Towboats and Barges
of the Middle Mississippi River Valley
 
   




Rivers were America’s first transportation highways and the Mississippi River was one of its major arteries. Long before the towboats and barges one sees on the river today the river was in use moving goods. French settlers in the region south of St. Louis would ship their annual harvest south to New Orleans as did fur trappers and traders of the era. The barge era began with the coming of the steamboats in the mid 19th century.

A barge is a flat-bottomed boat, built mainly for river and canal transport of heavy goods. Originally they were used in the canal systems of the eastern United States and the word “tow” comes from the use of a draft animal walking along the bank of the canal towing the barge. Beginning in the 1840s non-scheduled steamboats often pushed one or more barges to increase cargo capacity. By the 1850s experienced river men found that lashing barges together and pushing them provided more control and allowed more barges to be moved at once.

The practice of pushing barges favored sternwheel propelled boats over sidewheelers and promoted other improvements as well. As a result towboats became a distinct type of boat by 1860. Combustion engines were first used about 1910 but did not become commonplace until the late 1930s, when diesel-powered propeller boats appeared. Today’s towboats range in size from about 117 feet long by 30 feet wide to more than 200 feet long and 45 feet wide and have diesel engines that can produce up to 10,000 horsepower. North of St. Louis on the Upper Mississippi River towboats are usually 3,000 to 5,000 horsepower. As the river becomes deeper and wider below St. Louis the boats are larger because they are allowed to push more barges.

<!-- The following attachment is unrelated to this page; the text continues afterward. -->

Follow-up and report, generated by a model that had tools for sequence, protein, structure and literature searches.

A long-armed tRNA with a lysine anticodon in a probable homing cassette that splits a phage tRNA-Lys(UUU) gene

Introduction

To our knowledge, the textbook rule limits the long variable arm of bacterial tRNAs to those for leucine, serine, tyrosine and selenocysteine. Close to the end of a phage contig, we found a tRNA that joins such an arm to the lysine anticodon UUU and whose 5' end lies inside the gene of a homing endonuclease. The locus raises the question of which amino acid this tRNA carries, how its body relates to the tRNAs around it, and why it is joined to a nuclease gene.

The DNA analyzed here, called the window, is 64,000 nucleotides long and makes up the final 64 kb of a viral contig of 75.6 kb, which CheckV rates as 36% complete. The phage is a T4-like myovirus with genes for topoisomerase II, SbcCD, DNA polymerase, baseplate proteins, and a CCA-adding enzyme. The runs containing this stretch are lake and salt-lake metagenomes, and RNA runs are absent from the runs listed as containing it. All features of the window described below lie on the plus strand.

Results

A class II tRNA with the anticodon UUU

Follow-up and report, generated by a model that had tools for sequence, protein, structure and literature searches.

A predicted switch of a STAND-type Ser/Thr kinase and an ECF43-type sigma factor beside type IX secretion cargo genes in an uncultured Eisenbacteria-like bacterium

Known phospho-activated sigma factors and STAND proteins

A typical barge carries 1500 tons of cargo, which is 15 times greater than a rail car and 60 times greater than one trailer truck. An average river tow on the Upper Mississippi River is 15 barges consisting of 5 barges tied together and moving 3 abreast. The same load would require a train 3 miles long or line of trucks stretching more than 35 miles. In 1995, 321 million tons of cargos were moved on the Mississippi River. Barges carry many different types of goods with coal, petro-chemical products, and grain constituting most common commodities moved.

Visitors to the Middle Mississippi River Valley can get a close look at these towboats and their barges at the regions locks and dams or at the city of Grafton’s annual Great Rivers Towboat Festival in July.

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